W1035 Not a Value

From Coder Merlin
Paris, Notre Dame, Kilometer Null

Prerequisites[edit]

Introduction[edit]

There's often a need to represent the absence of a value. For example, consider a database tracking students' first name, middle name, and last name. Not all students have a middle name. So what value should we store in a variable representing a student's middle name if this particular student doesn't have one?

The name of this special value, representing non-existence, varies from language to language. In Swift, it's called nil.

Nil[edit]

Nil represents the absence of value of the specified type. We indicate that we intend to accept such nil values by specifying the type explicitly and suffixing the type name with a question mark. For example, in the aforementioned case, rather than specify the type as:

let middleName : String

we use:

let middleName : String?

This enables us to specify either a character or the special place-holder for no value, nil:

let middleName : String? = "A"

-or-

let middleName : String? = nil

Types which may be nil are termed optionals, because the constant or variable might have a value of the specified type; if not, it will be nil.

Nil Complexities[edit]

While nil is very helpful in these cases, using the value in an expression becomes slightly more complex, because for each such value, we need to take into account the possibility that it may be nil. Let's consider another example:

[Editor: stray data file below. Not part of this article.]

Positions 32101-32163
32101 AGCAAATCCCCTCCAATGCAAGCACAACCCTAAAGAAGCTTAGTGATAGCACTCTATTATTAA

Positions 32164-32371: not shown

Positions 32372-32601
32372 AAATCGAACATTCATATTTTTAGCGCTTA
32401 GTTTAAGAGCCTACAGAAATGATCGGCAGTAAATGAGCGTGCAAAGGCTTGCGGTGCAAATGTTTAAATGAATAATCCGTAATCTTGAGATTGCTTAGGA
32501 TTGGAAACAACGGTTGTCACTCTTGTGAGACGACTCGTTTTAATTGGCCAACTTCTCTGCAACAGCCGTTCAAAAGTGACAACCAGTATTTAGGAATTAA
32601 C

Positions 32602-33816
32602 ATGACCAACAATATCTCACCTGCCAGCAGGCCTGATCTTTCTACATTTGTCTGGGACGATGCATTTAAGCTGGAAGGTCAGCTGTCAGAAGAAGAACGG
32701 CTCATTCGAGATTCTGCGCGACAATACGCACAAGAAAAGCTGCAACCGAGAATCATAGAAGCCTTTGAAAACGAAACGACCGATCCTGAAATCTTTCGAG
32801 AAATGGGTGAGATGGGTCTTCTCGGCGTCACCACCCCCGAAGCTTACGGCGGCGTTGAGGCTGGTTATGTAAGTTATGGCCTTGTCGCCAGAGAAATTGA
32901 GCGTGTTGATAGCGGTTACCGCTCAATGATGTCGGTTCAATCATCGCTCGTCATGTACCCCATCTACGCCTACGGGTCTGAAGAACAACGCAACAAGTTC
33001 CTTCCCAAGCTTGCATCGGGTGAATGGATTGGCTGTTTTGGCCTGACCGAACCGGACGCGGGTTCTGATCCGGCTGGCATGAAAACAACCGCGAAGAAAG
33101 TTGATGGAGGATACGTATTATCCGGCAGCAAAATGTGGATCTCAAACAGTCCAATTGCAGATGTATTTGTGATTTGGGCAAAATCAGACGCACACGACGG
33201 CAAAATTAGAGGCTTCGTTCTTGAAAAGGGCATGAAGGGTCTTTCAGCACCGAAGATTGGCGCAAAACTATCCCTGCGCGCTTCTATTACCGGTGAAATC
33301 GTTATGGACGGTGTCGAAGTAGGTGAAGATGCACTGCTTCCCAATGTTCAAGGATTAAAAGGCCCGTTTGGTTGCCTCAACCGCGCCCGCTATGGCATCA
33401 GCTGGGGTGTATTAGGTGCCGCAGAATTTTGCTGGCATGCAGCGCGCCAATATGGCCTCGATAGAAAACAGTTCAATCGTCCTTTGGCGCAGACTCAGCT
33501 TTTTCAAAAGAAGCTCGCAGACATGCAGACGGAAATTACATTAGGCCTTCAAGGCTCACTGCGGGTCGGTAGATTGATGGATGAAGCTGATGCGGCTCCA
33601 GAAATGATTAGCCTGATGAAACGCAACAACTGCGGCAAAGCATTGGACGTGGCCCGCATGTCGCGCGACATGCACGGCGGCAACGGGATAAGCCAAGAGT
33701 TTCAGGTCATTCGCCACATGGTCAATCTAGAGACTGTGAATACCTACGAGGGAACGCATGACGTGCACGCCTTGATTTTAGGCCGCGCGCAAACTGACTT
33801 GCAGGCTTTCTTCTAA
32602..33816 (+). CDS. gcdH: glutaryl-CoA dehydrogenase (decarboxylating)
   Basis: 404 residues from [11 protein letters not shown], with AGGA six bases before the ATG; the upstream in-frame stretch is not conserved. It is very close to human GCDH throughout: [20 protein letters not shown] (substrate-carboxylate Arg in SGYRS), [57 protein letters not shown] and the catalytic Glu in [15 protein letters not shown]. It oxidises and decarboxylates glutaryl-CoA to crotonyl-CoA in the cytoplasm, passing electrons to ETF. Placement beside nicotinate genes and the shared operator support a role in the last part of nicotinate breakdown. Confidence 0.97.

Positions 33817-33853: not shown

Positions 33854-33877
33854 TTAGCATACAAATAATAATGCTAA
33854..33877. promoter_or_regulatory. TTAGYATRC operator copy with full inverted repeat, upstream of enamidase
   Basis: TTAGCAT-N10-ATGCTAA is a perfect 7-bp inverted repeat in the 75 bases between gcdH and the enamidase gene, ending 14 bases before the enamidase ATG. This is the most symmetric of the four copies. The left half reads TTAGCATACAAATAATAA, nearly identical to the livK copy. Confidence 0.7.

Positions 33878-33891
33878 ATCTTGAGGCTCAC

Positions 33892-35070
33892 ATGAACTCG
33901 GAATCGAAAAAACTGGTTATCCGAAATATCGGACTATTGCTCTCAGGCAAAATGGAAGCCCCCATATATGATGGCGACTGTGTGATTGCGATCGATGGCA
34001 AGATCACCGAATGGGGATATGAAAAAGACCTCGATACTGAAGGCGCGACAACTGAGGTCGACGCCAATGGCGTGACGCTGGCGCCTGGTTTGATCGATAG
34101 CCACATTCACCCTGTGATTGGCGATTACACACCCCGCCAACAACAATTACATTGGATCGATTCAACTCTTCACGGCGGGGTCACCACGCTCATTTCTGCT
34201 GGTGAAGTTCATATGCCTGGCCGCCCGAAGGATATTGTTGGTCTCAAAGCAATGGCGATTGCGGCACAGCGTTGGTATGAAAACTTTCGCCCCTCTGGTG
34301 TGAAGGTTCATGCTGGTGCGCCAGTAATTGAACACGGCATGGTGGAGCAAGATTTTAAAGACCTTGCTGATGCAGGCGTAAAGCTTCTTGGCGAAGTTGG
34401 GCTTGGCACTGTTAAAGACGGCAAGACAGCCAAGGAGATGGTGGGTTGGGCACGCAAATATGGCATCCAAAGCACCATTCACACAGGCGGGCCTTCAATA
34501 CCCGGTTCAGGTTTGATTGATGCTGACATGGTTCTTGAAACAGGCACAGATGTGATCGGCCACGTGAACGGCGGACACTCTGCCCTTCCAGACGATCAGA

1let a : Double = 0.4
2let b : Double? = nil
3let c = a + b

Line 3 will result in an error: value of optional type 'Double?' must be unwrapped to a value of type 'Double' Why? Because we assumed that b was not nil. Since it wouldn't make any sense to add nil to a Double, we need to ensure that b is, in fact, not nil before attempting to use it as an addend. We'll learn later various ways to check whether or not an optional contains nil, but, if we are certain that a value is not nil, we can indicate this with an exclamation point at the end of the name of the optional:

1let a : Double = 0.4
2let b : Double? = 0.2
3let c = a + b!

Note that unwrapping refers to removing the "box" around the optional to reveal its contents, which should contain a value of the underlying type. If we are force-unwrapping, by using the exclamation point, our program will terminate with an error if the optional contained nil.

Key Concepts[edit]

KeyConceptsIcon.png
Key Concepts
  • There's often a need to represent the absence of a value.
  • The name of this special value, representing non-existence, varies from language to language.
  • In Swift, it's called nil
  • Nil represents the absence of value of the specified type.
  • We indicate that we intend to accept such nil values by specifying the type explicitly and suffixing the type name with a question mark.
  • Types which may be nil are termed optionals
  • In most cases, before using optionals, we must unwrap them to obtain their value
  • If we force unwrap an optional which is nil, our program will terminate

Exercises[edit]

References[edit]


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